James Mueller, University of North Texas, “Blood Will Flow Like Water: How the Press Framed the Centralia, Missouri, Massacre and Battle”

This paper examines how the press covered the Centralia, Missouri, Massacre and the Battle of Centralia in 1864. While raiding the town, guerrillas under the leadership of Bloody Bill Anderson killed about 20 unarmed Union soldiers who had the misfortune to be riding a train that pulled into the depot. Later that day, Union soldiers pursued Anderson outside Centralia but were ambushed and almost all of a 150-man detail were killed.

An examination of two Northern newspapers showed they linked Centralia to the regular Confederate army invasion of Missouri that was occurring at the same time, reinforcing attitudes in the North toward a “hard war” policy. One Southern newspaper studied for this paper praised the guerrillas, while the other Southern newspaper largely ignored the battle. A border state newspaper covered the guerrilla fighting in detail and called for the execution of all guerrillas.

David Dowling, University of Iowa, “Newspaper Generals: Greeley, Marx and the Perils of Free Expression in the Wartime Press”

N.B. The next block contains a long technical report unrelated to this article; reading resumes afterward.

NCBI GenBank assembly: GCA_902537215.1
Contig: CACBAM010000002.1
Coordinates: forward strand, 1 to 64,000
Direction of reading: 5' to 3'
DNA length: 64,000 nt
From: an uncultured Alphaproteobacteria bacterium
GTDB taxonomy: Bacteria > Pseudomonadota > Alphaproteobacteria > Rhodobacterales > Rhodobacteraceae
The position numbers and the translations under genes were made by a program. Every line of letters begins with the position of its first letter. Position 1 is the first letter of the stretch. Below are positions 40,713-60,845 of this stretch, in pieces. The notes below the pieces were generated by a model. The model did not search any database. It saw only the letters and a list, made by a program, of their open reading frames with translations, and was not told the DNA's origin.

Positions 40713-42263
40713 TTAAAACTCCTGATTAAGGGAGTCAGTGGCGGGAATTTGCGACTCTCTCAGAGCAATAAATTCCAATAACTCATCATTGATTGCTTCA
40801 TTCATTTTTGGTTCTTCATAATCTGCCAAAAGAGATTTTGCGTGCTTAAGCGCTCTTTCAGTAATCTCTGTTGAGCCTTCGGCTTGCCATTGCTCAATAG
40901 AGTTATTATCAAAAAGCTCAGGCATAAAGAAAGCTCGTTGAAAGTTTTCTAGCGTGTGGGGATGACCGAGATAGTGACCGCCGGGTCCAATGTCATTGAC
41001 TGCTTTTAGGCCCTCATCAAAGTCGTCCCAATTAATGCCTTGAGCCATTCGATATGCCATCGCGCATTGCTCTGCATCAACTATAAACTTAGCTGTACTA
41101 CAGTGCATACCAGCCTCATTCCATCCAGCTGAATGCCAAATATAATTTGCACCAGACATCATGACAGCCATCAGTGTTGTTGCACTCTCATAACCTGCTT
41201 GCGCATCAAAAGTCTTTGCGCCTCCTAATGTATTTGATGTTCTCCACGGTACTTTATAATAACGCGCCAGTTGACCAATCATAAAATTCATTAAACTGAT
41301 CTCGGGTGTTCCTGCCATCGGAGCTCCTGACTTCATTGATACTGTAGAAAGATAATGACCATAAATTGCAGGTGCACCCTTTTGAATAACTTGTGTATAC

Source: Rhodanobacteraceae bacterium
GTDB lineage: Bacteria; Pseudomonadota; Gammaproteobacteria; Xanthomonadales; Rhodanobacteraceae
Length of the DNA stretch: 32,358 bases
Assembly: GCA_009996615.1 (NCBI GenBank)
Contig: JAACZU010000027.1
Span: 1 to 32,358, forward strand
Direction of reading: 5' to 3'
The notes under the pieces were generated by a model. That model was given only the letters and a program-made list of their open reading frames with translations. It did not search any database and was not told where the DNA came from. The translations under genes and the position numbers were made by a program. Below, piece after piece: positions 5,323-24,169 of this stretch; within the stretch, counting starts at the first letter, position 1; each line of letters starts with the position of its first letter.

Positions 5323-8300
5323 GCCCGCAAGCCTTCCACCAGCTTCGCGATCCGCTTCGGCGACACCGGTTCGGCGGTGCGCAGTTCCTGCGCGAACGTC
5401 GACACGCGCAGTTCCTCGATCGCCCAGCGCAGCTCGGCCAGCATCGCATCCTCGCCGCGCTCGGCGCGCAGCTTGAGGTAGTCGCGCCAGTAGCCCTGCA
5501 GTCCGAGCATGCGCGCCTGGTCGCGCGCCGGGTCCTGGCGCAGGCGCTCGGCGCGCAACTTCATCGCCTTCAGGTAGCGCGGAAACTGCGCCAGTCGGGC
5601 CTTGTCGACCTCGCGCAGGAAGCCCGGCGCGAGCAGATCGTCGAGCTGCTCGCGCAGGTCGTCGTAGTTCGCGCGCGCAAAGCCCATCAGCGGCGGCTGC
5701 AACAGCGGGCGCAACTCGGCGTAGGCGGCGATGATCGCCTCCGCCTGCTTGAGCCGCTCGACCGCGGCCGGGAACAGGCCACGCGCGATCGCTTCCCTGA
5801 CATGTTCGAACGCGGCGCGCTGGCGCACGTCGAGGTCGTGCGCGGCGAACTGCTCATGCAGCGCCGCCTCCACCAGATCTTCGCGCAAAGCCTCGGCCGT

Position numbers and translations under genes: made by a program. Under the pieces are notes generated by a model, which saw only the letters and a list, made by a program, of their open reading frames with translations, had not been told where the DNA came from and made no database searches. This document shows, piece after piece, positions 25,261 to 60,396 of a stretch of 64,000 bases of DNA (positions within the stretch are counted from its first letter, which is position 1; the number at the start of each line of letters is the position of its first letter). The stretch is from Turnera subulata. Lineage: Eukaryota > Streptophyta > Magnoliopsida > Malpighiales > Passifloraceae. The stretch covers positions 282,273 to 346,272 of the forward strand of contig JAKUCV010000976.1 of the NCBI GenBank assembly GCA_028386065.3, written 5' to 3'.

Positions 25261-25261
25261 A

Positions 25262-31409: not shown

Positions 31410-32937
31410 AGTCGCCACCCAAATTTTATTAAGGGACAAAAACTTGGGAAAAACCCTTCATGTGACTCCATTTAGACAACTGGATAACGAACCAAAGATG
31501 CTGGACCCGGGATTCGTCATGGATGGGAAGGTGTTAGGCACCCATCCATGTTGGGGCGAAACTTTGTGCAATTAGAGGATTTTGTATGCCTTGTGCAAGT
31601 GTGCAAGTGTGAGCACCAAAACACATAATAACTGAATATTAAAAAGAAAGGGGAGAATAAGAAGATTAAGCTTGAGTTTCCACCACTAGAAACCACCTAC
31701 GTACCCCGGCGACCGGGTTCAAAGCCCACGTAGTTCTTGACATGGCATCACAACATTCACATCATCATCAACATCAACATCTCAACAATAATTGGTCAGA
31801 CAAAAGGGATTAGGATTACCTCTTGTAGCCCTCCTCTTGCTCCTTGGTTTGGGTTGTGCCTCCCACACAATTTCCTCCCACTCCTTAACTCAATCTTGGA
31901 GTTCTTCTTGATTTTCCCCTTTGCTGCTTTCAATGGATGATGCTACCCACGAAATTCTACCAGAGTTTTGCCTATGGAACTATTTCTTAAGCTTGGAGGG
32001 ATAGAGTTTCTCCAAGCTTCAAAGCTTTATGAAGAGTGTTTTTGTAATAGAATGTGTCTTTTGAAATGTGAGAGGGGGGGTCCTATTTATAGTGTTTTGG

The perils of free expression in the wartime press became immediately apparent at the onset of the Civil War. “Newspaper generals,” as President Abraham Lincoln derisively called them, demanded military action and influenced the conduct of war, facing him with a press corps that regarded its task as not simply informing people, but shaping public opinion. That public opinion, given the unprecedented reach of Horace Greeley’s New York Tribune, James Gordon Bennett’s New York Herald, Henry J. Raymond’s New York Times, and William Cullen Bryant’s New York Evening Post, applied tremendous pressure to political leaders. Throughout the war, these editors openly voiced their preferences for military action, counseling and cajoling the president, and calling for strategic maneuvers with alarming specificity. Greeley played a key role in the Union loss of the first battle of Bull Run, an episode highlighting the ongoing tension the press faced during the Civil War between reporting past events and commenting on future courses of action. Karl Marx, serving as foreign correspondent to the Tribune, was ironically one of the few critical voices warning against the use of the press as an instrument of war. His editorials on the hotly debated Trent Affair—a diplomatic crisis in which England nearly declared war on the United States as the Civil War hung in the balance in 1862—condemned what he called “the Tory scribblers for the Palmerston rules” for escalating the crisis. This climate of hostility led to the controversial arrests of key anti-Lincoln contributors and editors of Peace Democratic newspapers, sparking riots and public protest. Lincoln, however, was justified in his suspension of the writ of habeas corpus since the nation was undergoing an insurrection, and weighed in with measured explanations on each incident. The power of the press, and his respect for it, was evident throughout his administration.